2022 Features (Large Newsroom) Finalists

See finalists listed in alphabetical order.

Nicole Carr

ProPublica & Frontline

White Parents Rallied to Chase a Black Educator Out of Town. Then, They Followed Her to the Next One.

Comments From the Judges:

“This story got to the uncomfortable, messy truth beyond the headlines and how it impacts the lives of real human beings who can’t escape online mobs and disinformation. The reporter did a fine weaving of an absolutely memorizing narrative that brought readers along and kept them reading for the length of the story. One of the best education stories of the entire year.”

“This story put a personal face on the anti-CRT efforts that helped unpack the intentions of educators who value inclusion and cultural sensitivity. I could feel (a small part) the lack of safety the story’s subject felt and the vitriol of those opposed to CRT really came through. I appreciated how this story wasn’t bogged down with national political tropes. This personal story really did the talking and provided an intimate account of how lies and misinformation about CRT are having real-world consequences.”

Adam Clark

NJ Advance Media

Portraits of a Crisis

Comments From the Judges:

“Mental health issues among young people is one of the most important stories of our era. This story tackled an incredibly challenging issue — suicide — in a way that brought light to the human challenges and policy issues. It correctly balanced the heartbreaking details with the nuances that illuminate what can be done to help save lives.”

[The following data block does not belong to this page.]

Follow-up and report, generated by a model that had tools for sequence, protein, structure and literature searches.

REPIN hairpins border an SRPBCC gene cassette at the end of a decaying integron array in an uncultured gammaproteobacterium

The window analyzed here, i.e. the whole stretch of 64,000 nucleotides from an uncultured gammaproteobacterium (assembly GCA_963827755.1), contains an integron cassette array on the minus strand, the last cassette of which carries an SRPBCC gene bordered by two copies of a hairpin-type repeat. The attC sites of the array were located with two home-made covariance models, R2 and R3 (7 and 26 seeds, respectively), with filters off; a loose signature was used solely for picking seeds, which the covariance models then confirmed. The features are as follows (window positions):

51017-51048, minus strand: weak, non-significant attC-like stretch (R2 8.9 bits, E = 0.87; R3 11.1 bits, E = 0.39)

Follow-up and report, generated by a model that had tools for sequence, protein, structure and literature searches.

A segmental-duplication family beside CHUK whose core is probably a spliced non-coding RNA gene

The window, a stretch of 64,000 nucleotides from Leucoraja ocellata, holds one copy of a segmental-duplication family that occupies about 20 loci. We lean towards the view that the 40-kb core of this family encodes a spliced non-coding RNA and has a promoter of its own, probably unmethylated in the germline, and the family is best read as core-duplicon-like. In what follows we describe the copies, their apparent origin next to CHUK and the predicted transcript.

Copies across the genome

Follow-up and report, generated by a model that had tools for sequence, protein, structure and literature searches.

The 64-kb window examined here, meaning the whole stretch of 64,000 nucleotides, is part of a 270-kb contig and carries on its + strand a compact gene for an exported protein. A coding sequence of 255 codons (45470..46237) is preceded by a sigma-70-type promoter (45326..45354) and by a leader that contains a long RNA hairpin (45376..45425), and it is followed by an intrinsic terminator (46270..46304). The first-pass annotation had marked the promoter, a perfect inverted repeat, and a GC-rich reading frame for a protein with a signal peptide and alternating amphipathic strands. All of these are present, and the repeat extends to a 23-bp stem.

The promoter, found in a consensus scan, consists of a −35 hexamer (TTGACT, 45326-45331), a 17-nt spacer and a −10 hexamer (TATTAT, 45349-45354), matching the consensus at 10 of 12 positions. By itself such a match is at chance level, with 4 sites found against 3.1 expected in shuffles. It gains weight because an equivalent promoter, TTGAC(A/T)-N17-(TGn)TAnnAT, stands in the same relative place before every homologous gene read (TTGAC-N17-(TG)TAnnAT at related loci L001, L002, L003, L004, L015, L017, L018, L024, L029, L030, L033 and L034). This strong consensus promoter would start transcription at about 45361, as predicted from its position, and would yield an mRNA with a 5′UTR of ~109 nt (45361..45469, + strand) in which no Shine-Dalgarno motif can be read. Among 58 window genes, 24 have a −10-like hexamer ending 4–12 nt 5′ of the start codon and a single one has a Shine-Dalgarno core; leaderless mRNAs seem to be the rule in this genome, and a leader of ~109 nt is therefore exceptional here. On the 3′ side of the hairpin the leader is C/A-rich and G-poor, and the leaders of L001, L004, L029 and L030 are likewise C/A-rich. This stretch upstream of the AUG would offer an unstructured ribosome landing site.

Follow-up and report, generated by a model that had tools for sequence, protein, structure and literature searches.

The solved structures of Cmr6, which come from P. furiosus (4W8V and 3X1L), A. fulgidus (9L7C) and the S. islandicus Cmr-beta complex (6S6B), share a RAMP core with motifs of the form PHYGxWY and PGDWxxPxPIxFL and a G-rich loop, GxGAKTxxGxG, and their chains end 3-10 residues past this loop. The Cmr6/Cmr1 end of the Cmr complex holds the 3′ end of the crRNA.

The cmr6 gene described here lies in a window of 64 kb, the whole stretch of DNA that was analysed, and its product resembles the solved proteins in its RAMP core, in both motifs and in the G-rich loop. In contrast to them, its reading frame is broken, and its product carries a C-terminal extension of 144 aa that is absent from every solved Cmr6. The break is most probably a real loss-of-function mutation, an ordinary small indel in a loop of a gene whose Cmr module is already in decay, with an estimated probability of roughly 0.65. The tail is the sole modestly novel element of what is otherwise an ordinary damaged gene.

“As the writer states, this was a unique form of storytelling about suicide in that the subject of the story is still alive. In a way, I felt that conveyed more urgency to the issue of mental health in youth. I also appreciated the writer explaining how he got connected to the mother. It offered a behind-the-scenes aspect that also further highlighted the mother’s crisis. He weaved the first-person account into the story well, it was not distracting, but rather enhanced the story.”

John Woodrow Cox

The Washington Post

An American Girl

Comments From the Judges:

“Masterful storytelling and harrowing descriptions throughout that really conveyed the juxtaposition of being a normal American student who also survived a school shooting. Unfortunately, this topic has been all too common and stories can be easy to gloss over. But this original reporting concept forces it to remain front and center, and tells a little girl’s story with such care and reverence.”

“This one stood out for me because of how the story is framed from a child’s perspective in a respectful way. It’s painful to see Caitlyne forced into a group of survivors who speak out for gun control and have to grow up unnecessarily. The reporter did an excellent job telling her story and chronicling how the aftermath of the Uvalde shooting affected those around her.”